There's been some interesting discussion on Facebook over whether dioceses ought to structure marriage prep around the issues that the annulment questionnaire deals with. My own parents were annulled when I was 21, and I think that they would agree that having to deal with the annulment process's directed exploration of family history and past traumas before marriage might have saved everyone a great deal of suffering later on. I also know that as it was, they both married anyway with misgivings.
My canon lawyer friend, who has worked with his diocesan tribunal, takes a rather different view of the issue than the author of the annulment article. Here are his comments on it, stitched together into a sort of guest post with his permission.
First of all, [the author of the article] has a very tenuous grasp on what the tribunal process actually does....
Second, she is naive if she thinks that engaged couples will have the same views on things as divorced couples: most would view it as another hoop to jump through and write down whatever they're "supposed" to.
Third, I think it's become fairly obvious that the only marriage prep that really matters is what happens in the family.
Fourth, I would be shocked if anyone actually told her that ignorance is the common cause of nullity. That's just something people say when they don't understand the function of the will, or the function of the tribunal. I'd guess that ignorance is a ground in less that 2% of nullity cases. It suggests to me that she didn't actually do any homework before writing these ideas down.
To be clear, there is not "an annulment questionaire." Some (most) tribunals use written questionaires, but they aren't technically part of the process, and they are done in place of what the law says should be done, which is to interview the parties. The scattershot approach of the questionnaire is not consistent with the way the process is actually designed in law. Also, the questions tribunals ask are asked in marriage prep -- and the most important ones are asked in the rite of marriage itself. But people have more to say when they want an annulment. I've never met a couple who took immediate marriage prep seriously.
Here are the most pertinent canons. In the next comment, I'll offer some reflections on them:
Can. 1096 §1. For matrimonial consent to exist, the contracting parties must be at least not ignorant that marriage is a permanent partnership between a man and a woman ordered to the procreation of offspring by means of some sexual cooperation.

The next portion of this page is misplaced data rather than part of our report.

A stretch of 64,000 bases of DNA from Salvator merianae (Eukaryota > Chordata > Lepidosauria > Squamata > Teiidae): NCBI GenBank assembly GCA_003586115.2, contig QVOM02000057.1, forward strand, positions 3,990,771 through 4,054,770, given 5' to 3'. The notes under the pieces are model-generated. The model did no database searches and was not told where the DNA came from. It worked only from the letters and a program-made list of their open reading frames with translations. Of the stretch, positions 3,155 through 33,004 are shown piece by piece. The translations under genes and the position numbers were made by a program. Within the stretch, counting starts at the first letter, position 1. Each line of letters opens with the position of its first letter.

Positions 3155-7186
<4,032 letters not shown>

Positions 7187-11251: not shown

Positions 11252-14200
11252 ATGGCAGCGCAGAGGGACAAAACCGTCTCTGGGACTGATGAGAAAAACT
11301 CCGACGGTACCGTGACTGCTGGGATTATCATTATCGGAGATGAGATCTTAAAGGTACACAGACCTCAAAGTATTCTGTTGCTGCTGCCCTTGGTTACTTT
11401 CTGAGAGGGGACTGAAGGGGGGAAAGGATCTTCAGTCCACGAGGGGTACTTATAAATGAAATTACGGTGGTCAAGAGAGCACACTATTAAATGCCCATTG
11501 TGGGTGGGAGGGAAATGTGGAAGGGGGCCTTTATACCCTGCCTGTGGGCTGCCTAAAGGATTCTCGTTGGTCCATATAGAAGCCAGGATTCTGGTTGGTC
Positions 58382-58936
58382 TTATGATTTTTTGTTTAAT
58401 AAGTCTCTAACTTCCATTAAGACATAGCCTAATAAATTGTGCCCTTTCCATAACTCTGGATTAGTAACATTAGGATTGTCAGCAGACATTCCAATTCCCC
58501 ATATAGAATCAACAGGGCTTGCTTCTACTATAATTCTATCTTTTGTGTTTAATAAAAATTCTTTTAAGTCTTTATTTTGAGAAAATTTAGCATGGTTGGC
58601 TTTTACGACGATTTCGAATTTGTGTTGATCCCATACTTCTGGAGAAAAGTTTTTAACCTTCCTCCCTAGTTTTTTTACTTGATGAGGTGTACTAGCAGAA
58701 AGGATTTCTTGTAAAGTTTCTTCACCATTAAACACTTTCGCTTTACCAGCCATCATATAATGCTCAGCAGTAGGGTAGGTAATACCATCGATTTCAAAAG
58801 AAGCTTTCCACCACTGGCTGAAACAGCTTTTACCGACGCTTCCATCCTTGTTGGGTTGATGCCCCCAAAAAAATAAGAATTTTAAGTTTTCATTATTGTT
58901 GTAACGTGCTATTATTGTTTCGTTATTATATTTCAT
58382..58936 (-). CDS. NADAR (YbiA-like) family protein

§2. This ignorance is not presumed after puberty.
Can. 1097 §1. Error concerning the person renders a marriage invalid.
§2. Error concerning a quality of the person does not render a marriage invalid even if it is the cause for the contract, unless this quality is directly and principally intended.
Can. 1098 A person contracts invalidly who enters into a marriage deceived by malice, perpetrated to obtain consent, concerning some quality of the other partner which by its very nature can gravely disturb the partnership of conjugal life.
Can. 1099 Error concerning the unity or indissolubility or sacramental dignity of marriage does not vitiate matrimonial consent provided that it does not determine the will.
Can. 1100 The knowledge or opinion of the nullity of a marriage does not necessarily exclude matrimonial consent.
Can. 1101 §1. The internal consent of the mind is presumed to conform to the words and signs used in celebrating the marriage.
In short: ignorance of the basic nature of marriage is a potential ground of nullity, but it must be positively proven -- the law of the Church presumes this knowledge in post-pubescent people, and I think, even in our society, proving its absence is a very difficult thing. And canon 1099 says that for error about indissolubility to be a ground, it must actively inform the will; i.e.; I must say to myself "I choose marriage precisely because it is not a permanent union."
With regard to indissolubility, what is often more common is a defect in the object of consent. Whatever I think of marriage intellectually, "I reserve to myself the right to end the marriage if I don't like it anymore," or "I reserve to myself the right to be unfaithful if I choose to." This is much more commonly proven, AND (this is important), I saw it as the case in many cases among people who definitely knew the Church's teaching, but chose something less, explicity or implicitly, at the time of attempted consent. No amount of teaching will help a person decide not to partially simulate his consent -- only forming people of integrity will do that.
Ignorance of a quality of the person can be a ground of nullity, but the quality must be directly and principally intended. If I say to myself "I wish to marry a Catholic, and therefore I marry Kate," and I later discover she is not a Catholic, the marriage might be invalid. But rarely can the direct and principal intention of one quality be positively proven.
The best marriage formation possible for your children will take place in your home. No short program the church can provide will overcome deficiencies there or undermine strength there. Of course we should do marriage prep. I just don't think we should do it the way she is suggesting and I don't think it's nearly as important as helping you to do your job for your children. Invalid marriages are usually a function of the will, not the intellect. Forming the will can't take place in an 8, or 12, or 52 week program very well. It has to take place over a lifetime. And I'm afraid that too much tinkering with the immediate marriage prep program will absolve the Church, at least in its own mind, from the MUCH harder task of forming families, and helping couples form children. Maybe I'm wrong, but I just don't think that facilitating an extra couple of discussions is going to do very much.